Nancy Schuster saw the painful confrontation first-hand. She watched her parents try to convince her grandmother to hand over her car keys. But in the end, it took an intervention by her family doctor to drive the point home.
"She wouldn't listen to any of us," says Schuster, 46. "It gave me a much better appreciation for the challenges that are out there."
When she learned of an opening to direct the new Independent Transportation Network of Greater Cincinnati
, a program developed last year by the Deaconess Association's Foundation, she saw an important opportunity.
The statistics are scary for every driver and any child with senior parents holding on tightly to their car keys as a path to freedom, independence and control of their lives. The National Highway Traffic Safety Administration
reports that drivers 85 and over are nine times more likely to die behind the wheel as their counterparts aged 25 through 69.
The ITN Greater Cincinnati serves seniors and people with visual impairments who live and travel within the I-275 loop. The process is as simple as it is powerful: riders join the network for a $75 annual fee, then pay a pick-up fee and a per-mileage rate to cover their transportation needs, which range from trips to the doctor to the grocery to the beauty parlor. The average cost for a round-trip service is about $10, depending on distance. "We offer all of our members door through door, arm through arm service," Schuster says.
She is also a volunteer driver, and regularly takes a rider to the Sycamore Senior Center. While most trips are practical necessities, some are pure fun. One volunteer driver took a regular rider to a night out at Eddie Merlot's; December brought many Christmas shopping trips.
Bonds develop quickly between drivers and riders. "It happens naturally," Schuster says. "Even when you are driving someone once or twice, you still form those relationships. We've become part of their families."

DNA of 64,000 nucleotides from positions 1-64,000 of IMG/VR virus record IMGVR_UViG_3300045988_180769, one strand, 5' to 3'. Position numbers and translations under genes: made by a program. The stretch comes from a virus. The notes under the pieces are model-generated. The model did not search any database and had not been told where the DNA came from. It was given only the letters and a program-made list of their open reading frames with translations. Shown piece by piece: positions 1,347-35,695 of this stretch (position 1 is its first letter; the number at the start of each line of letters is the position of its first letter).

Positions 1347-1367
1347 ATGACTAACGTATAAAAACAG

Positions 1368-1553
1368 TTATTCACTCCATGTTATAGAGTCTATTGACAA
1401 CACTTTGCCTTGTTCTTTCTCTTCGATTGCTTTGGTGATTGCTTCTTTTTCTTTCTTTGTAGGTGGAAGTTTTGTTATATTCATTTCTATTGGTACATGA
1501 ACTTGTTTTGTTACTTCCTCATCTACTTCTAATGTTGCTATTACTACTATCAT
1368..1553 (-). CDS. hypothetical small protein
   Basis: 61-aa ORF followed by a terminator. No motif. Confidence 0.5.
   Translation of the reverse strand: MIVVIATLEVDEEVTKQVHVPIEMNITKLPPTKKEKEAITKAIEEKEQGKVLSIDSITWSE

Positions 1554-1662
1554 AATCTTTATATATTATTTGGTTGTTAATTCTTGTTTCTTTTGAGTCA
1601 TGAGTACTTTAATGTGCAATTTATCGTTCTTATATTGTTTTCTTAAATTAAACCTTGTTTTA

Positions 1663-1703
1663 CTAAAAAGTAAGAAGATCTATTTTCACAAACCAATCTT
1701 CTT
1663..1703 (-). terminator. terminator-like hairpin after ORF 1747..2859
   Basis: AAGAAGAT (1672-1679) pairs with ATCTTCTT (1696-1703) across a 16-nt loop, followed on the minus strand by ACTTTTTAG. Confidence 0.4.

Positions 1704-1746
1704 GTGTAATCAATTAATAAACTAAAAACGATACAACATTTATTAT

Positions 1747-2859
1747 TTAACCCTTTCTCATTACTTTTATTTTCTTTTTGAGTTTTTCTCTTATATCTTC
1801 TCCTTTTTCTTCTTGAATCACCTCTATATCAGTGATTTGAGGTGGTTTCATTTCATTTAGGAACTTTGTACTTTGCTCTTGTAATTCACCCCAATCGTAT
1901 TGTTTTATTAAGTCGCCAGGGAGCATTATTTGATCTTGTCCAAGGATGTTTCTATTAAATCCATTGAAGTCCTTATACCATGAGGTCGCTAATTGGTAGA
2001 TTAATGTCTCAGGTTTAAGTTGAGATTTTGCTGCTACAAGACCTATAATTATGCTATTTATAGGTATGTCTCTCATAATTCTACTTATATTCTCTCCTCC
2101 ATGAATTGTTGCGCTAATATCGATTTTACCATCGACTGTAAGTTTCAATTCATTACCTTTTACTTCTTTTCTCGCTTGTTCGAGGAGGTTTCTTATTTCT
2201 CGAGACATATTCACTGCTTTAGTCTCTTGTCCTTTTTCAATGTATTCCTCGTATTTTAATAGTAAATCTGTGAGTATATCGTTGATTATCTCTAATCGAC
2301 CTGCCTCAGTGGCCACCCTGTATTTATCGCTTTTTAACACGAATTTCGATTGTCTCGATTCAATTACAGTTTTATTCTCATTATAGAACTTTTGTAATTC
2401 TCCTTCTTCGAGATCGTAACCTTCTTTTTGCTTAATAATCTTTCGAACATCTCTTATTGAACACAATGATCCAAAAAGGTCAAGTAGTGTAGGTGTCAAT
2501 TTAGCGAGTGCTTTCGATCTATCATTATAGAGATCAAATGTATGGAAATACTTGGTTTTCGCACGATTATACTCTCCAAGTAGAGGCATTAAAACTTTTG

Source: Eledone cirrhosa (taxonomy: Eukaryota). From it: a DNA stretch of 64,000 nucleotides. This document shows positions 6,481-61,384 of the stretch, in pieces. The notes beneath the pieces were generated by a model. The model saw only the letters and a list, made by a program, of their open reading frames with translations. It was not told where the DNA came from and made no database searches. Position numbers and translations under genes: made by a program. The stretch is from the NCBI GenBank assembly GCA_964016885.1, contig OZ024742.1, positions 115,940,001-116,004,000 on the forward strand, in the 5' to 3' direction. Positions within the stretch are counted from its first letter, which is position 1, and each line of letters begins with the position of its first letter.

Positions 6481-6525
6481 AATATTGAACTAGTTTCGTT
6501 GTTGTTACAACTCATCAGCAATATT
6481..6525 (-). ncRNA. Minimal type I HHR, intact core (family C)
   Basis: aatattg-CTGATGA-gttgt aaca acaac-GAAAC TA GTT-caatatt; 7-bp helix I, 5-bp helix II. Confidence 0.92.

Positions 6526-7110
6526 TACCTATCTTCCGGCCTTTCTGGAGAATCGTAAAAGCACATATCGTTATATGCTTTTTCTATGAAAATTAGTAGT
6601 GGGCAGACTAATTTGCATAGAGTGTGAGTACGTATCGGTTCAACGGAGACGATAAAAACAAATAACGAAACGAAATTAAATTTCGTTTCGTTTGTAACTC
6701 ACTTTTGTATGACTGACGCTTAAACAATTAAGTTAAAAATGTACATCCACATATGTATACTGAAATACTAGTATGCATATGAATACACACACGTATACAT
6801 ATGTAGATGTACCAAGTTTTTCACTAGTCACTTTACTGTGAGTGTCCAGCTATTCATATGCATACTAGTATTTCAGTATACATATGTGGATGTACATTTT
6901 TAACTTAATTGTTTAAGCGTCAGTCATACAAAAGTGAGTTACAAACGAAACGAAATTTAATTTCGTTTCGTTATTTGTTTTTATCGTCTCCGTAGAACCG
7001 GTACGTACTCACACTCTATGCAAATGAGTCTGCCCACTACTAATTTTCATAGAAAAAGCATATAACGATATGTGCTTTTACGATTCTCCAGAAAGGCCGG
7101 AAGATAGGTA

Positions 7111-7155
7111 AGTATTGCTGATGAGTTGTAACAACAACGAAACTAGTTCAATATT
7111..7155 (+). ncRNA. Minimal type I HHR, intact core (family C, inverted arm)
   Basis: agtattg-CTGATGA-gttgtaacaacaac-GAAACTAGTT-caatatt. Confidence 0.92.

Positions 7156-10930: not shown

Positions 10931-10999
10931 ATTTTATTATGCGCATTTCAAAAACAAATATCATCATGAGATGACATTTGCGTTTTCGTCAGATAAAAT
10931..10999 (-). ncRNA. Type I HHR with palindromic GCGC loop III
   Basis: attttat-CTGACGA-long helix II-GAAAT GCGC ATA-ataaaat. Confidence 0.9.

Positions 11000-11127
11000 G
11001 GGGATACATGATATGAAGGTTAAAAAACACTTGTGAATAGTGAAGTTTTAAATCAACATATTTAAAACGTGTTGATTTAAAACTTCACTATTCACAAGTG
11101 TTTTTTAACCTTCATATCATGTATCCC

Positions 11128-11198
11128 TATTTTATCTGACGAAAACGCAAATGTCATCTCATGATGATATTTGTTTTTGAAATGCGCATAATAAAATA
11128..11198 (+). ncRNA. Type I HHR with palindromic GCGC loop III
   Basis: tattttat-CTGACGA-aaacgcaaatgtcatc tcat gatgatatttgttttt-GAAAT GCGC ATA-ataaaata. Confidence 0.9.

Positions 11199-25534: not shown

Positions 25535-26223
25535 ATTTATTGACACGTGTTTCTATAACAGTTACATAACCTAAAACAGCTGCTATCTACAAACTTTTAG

Before the end of 2010, ITN Greater Cincinnati had given more than 1,000 rides with just a dozen drivers and fewer than 100 member riders. This year, demand has grown each month. "We've driven more than 30,000 miles," Schuster says.
Volunteer drivers get more than good will in return for their efforts. They get automatic membership in the network, which they can donate to anyone they like. In one of the program's most innovative strategies, drivers can choose to be reimbursed directly for their mileage or bank their credits in their own Transportation Social Security Accounts. They can also give them to a friend or loved one, or to a rider in need.
"You are doing a charitable act, but it's so much more," Schuster says.
As the demand for rides continues to increase alongside gas prices, Schuster says the ITN Greater Cincinnati plans to be able to offer scholarships for low-income riders by this summer.
• Be a rider. Click to learn more about how to donate your services.
• Make a donation. Click and make a tax-deductible donation to help seniors ride with pride.
• Give a gift. Know someone who could benefit from ITN Greater Cincinnati's services? Gift a membership or sponsor regular visits to the mall.
By Elissa Yancey
Photo courtesy of ITN Greater Cincinnati